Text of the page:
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Kunduz Takes Up Arms In Fight Between The Taliban And Afghan Forces

Afghan local police prepare for battle with the Taliban in Char Dara district, in Kunduz Province in June.
Afghan local police prepare for battle with the Taliban in Char Dara district, in Kunduz Province in June.

As the battle for the provincial capital of Kunduz continues between Taliban militants, backed by Central Asian fighters, and government forces, local residents trapped between the two warring factions are increasingly taking their security into their own hands.

Afghan forces have been fighting the Taliban’s spring offensive in most districts in Kunduz for the past eight weeks: Char Dara district, only a few kilometers from Kunduz city, was lost and retaken by both sides several times in May and June, with Afghan forces finally evicting the Taliban fighters who had been bunkered in the homes of local residents.

In the nearby village of Jangal, where skirmishes between U.S.-backed Afghan Local Police (ALP) and Taliban militants have been increasing, local residents are taking up arms to guarantee their security, adding to the proliferation of weapons in the region and the complicated web of alliances. Residents in the village have said the climate of insecurity has stoked old sectarian and tribal conflicts, fueling demand for weapons.

"I have had to borrow money to buy a gun because neither the the Taliban nor the Afghan forces can protect me,” says Abdul Raqeeb, the son of a mullah at the mosque in Jangal.

Guns Blazing

The price of an AK-47 in Kunduz has nearly tripled in the past eight weeks from 25,000 to nearly 70,000 afghani (approximately $1,150). A gun dealer in Kunduz, who preferred not to be named, says he now sells an average of 20 guns per day, twice as many as earlier this year.

The arms supplier told Afghanistan Today that rather than import guns like before, he now simply buys from fighters on all sides, creating a vicious circle in which weapons are recycled from one side to another.

Security officials in Kunduz confirm the increased demand for weapons. Sayeed Sarwar Husseini, the police spokesman in Kunduz Province, said they are working to stop any type of smuggling but that “given the deterioration of the security situation in the province, there should be a higher demand for weapons."

According to official statistics provided by the Kunduz police, there are 3,000 illegally armed individuals in Khan Abad district alone -- not including the guns people keep at home or guns held by the Taliban and other anti-government armed groups.

Illegal Weapons

Authorities have not provided statistics on the number of guns in other districts, but if the figure in Khan Abad district is taken as a sample, there could be around 20,000 illegal guns in the outskirts of Kunduz city alone. Abdul Waris, a former military officer in Kunduz, estimates there are two guns for every family of five people.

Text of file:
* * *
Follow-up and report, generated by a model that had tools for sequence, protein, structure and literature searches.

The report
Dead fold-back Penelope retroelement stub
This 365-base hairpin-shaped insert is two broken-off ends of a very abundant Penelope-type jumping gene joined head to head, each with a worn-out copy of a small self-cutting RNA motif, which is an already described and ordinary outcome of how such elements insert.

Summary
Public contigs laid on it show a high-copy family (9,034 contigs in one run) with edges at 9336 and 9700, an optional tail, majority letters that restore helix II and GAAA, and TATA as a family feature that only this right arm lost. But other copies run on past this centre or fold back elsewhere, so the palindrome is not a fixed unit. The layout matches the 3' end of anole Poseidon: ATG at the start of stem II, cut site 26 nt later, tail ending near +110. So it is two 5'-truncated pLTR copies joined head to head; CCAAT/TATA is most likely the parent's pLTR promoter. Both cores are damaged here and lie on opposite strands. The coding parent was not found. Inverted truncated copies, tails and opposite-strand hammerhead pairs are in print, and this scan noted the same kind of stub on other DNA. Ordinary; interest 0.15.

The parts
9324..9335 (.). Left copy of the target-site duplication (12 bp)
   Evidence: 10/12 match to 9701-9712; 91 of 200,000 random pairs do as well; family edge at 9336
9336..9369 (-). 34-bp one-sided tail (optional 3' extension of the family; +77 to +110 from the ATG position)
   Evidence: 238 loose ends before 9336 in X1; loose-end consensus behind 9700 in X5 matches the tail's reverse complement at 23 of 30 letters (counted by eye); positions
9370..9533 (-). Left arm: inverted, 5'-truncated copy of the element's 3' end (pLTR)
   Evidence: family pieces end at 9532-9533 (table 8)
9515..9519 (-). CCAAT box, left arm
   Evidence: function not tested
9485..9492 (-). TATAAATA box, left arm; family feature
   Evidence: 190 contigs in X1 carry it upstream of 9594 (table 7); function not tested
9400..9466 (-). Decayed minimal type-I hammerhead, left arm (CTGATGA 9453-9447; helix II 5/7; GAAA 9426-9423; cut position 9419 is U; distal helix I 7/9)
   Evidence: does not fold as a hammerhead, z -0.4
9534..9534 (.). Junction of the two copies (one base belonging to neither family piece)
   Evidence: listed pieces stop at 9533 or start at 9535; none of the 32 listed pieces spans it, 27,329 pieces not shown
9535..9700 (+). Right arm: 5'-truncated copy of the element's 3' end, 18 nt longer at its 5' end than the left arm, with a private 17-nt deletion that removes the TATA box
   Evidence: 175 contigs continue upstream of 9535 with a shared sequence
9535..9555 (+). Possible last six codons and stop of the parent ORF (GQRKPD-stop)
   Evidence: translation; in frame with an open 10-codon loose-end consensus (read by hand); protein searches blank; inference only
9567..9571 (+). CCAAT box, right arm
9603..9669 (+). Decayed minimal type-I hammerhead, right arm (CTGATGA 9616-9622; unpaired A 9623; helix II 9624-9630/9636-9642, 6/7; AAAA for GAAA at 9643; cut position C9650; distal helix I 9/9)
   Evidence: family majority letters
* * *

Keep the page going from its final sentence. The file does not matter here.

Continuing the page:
The demand for weapons is not confined to Kunduz. Reports from the neighboring province of Baghlan also indicate a high number of people buying arms in anticipation of Taliban and other insurgents' attacks. Residents in northern provinces, including Balkh, have expressed concerns about the increase of Taliban activities post ISAF's departure in their area for several years now. Many elders have elected to arm their youth in response to the government's failure to send additional forces to protect their areas.

In Jalrez district of Wardak Province, just southwest of Kabul, a recent Taliban attack killed 16 to 30 members of a local police force. Subsequent fighting left at least more than a dozen civilians dead, some of whom were reportedly supporting the local police force. Local observers blame the central government for failing to send reinforcements to Jalrez as armed local residents ran out of ammunitions in the face of a heavy Taliban onslaught.

Child Suicide Bombers

In Kunduz, Governor Mohammad Omar Safi told reporters 20 children are being trained to become mine-planters and suicide bombers in Qala-e-Zal in Kunduz. With residents fearing that the Taliban’s spring offensive will gather pace after Ramadan, the race to arm-up is a self-perpetuating cycle.

While some families are buying weapons to protect their own homes, in poorer districts many families have pooled their savings to form local militias and arm them to protect their families.

Jameel, Ibrahim, and Gul Deen are three young men in Jelga village who have been selected to provide security for their homestead. Neither the Taliban nor government forces paid much attention to the district, creating an opportunity for thieves, who soon began to terrorise the small rural settlement, Jameel says.

After the escalation of armed robberies, Jameel says, the people of the village selected him and his two colleagues to protect the village in return for money.

Taliban Scapegoating

Two elders interviewed in Jangal village say their region has also descended into a haven for outlaws because of the opportunities afforded to criminals by the dire security situation. Theft and looting by random parties has increased.

“People now pick up a gun to deal with any issue, even minor, knowing they can always blame the Taliban for it,” said one of the elders, who asked not to be named.

Abdul Waris says residents are forced to rely on their own weapons since the government cannot guarantee their security. A source close to the Taliban says the militant factions have taken a break to collect religious taxes but that the villages can expect to see a more concerted offensive again soon. Local farmers, meanwhile, have also been warned by the Taliban to plant their seeds and to expect further Taliban campaigns.